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Re: [XP] Comparing Architectures

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  • Steve Berczuk
    ... I can think of a few of answers to this ;) 1. People tend to know more about what they need from living and working spaces than they know about software.
    Message 1 of 7 , Sep 1, 2005
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      On 9/1/05, Victor <vmgoldberg@...> wrote:
      > When the Gang of Four wrote their book Design Patterns, they were heavily
      > influenced by the architecture of buildings. Since then, the name stuck and
      > now people talk about software architecture and software architects.
      >
      > Of course, careful people are clear in delineating the differences, like
      > software developers don't need to move walls when there is a change in
      > design. Once I was making a presentation about XP and an experienced and
      > bright developer asked me: "Architects and all kind of engineers can do
      > great upfront design, why is that software developers can't?"

      I can think of a few of answers to this ;)
      1. People tend to know more about what they need from living and
      working spaces than they know about software.
      2. People expect less from buildings than they do from software.
      3. (as you say in your original message) There often really isn't a
      whole lot of great up-front design in buildings.

      There are also more constraints in the physical world than the software world...
      I'm working with an architect now to do an addition to my house...
      He's very good at talking what we tell him, translating the
      "requirements" into "needs" and then sketching out ideas. We're going
      to be interating a lot on design possibilities... In an ideal world
      we'd want to live with "First Floor Scheme A" for a while, then maybe
      move a room around when we realize that the laundry room would work
      better if it were 3 feet wider (and we don't really need the adjacent
      closet anyway(*). But we can't do that, so we're going to iterate at
      the design phase. And they will be small changes during construction
      as we discover issues with the foundation, existing structures, etc...

      But in software we can actually show things to people as we go, and
      change them, so why not do that...

      I suspect that "good" up front design is VERY rare in most all types
      of projects... it is just a necessary evil in projects that involves
      bricks, steel, etc...

      Steve


      (*) anyone who lives in a house built before 1900 realizes that adding
      /any/ closets is a good thing, and that this is very hypothetical! ;)

      --
      Steve Berczuk | steve@... | http://www.berczuk.com
      SCM Patterns: Effective Teamwork, Practical Integration
      www.scmpatterns.com
    • yahoogroups@jhrothjr.com
      From: Victor To: extremeprogramming@yahoogroups.com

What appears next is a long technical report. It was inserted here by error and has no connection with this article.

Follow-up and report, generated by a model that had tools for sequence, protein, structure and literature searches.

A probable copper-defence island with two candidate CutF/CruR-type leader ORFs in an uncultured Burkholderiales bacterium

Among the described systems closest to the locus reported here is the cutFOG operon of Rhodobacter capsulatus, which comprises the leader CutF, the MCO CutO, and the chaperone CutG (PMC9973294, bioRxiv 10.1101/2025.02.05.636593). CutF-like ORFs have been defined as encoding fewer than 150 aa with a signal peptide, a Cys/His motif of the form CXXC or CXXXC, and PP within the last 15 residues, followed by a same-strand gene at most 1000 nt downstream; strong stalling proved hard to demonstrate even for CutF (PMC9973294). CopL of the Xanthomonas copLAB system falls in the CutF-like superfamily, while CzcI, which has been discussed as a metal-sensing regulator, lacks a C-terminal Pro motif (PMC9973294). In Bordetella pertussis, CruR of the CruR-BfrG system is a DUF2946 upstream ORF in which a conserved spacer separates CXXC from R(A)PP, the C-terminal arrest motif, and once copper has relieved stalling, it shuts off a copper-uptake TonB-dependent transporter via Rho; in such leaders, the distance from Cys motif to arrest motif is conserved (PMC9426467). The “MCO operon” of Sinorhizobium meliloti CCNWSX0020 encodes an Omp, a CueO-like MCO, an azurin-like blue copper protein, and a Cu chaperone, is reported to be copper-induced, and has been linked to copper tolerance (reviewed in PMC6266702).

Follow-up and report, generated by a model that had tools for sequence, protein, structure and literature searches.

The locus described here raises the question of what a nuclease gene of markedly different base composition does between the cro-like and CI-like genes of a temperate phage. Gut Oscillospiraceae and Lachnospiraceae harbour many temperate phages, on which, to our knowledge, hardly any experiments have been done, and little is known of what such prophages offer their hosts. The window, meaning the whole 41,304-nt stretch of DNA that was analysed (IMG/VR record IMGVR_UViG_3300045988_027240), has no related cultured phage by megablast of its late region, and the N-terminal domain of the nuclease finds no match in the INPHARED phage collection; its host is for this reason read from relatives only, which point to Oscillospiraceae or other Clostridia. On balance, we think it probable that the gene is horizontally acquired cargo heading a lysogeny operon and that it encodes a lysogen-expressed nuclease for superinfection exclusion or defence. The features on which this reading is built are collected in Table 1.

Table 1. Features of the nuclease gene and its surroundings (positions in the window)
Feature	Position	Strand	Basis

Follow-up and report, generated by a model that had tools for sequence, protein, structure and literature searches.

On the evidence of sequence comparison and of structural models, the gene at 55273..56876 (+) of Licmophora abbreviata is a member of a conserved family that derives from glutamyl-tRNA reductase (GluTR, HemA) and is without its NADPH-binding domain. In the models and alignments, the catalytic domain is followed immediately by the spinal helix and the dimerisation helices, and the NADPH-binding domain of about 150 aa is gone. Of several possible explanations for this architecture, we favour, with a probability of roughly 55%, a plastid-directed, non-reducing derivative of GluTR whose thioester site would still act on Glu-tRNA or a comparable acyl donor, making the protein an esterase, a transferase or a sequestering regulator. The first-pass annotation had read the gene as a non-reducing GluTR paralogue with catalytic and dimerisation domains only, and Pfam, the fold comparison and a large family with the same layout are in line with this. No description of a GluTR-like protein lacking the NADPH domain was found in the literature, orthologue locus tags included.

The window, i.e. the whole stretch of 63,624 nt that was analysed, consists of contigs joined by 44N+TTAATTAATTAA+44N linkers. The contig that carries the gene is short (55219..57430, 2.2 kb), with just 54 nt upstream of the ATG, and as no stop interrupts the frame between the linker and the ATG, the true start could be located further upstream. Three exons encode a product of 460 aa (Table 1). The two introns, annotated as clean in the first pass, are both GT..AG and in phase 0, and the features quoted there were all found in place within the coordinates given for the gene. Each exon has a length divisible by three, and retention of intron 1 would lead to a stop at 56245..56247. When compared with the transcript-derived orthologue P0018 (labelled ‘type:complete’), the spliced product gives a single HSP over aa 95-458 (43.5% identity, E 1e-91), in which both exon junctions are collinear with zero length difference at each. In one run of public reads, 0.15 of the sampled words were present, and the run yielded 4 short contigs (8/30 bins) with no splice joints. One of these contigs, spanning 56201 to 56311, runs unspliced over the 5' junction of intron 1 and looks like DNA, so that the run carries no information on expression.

Message 2 of 7 , Sep 1, 2005
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        From: "Victor" <vmgoldberg.at.verizon.net@...>
        To: "extremeprogramming@yahoogroups.com"
        <extremeprogramming.at.yahoogroups.com@...>
        Sent: Thursday, September 01, 2005 9:32 AM
        Subject: [XP] Comparing Architectures


        > When the Gang of Four wrote their book Design Patterns, they were heavily
        > influenced by the architecture of buildings. Since then, the name stuck
        > and
        > now people talk about software architecture and software architects.

        I believe that the term "software architect" was in use long before
        the GOF book.

        > Of course, careful people are clear in delineating the differences, like
        > software developers don't need to move walls when there is a change in
        > design. Once I was making a presentation about XP and an experienced and
        > bright developer asked me: "Architects and all kind of engineers can do
        > great upfront design, why is that software developers can't?"

        The best answer is that they can't do it any better than we do. The
        illusion that they can is fostered by a lack of knowledge of exactly
        what it is that these people do.

        An architect in the building trades is the same as a UI
        or useability designer in software development; the actual
        work of designing the building, in the sense of structural
        steel, plumbing, wireing and so forth is done by a structural
        engineer. And the details of how to assemble the building is
        usually done by the general contractor.

        Disaster buildings are not unheard of. The State of Illiniois
        building in Chicago has (or had) notorious livability problems, and
        there was one in Boston where _all_ the windows blew out.
        "Sick building Syndrome" didn't get it's name because it's
        unheard of. It's all too common.

        Challenge the delusion head on.

        [excellent observations snipped]


        > Victor
      • Keith Ray
        See Brand s book How Buildings Learn.
        Message 3 of 7 , Sep 1, 2005
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          See Brand's book "How Buildings Learn."



          On Sep 1, 2005, at 8:32 AM, Victor wrote:

          > Reversing the inspirational flow of ideas, there is a tendency to
          > build
          > large spaces with mobile walls, which makes the architecture more
          > flexible.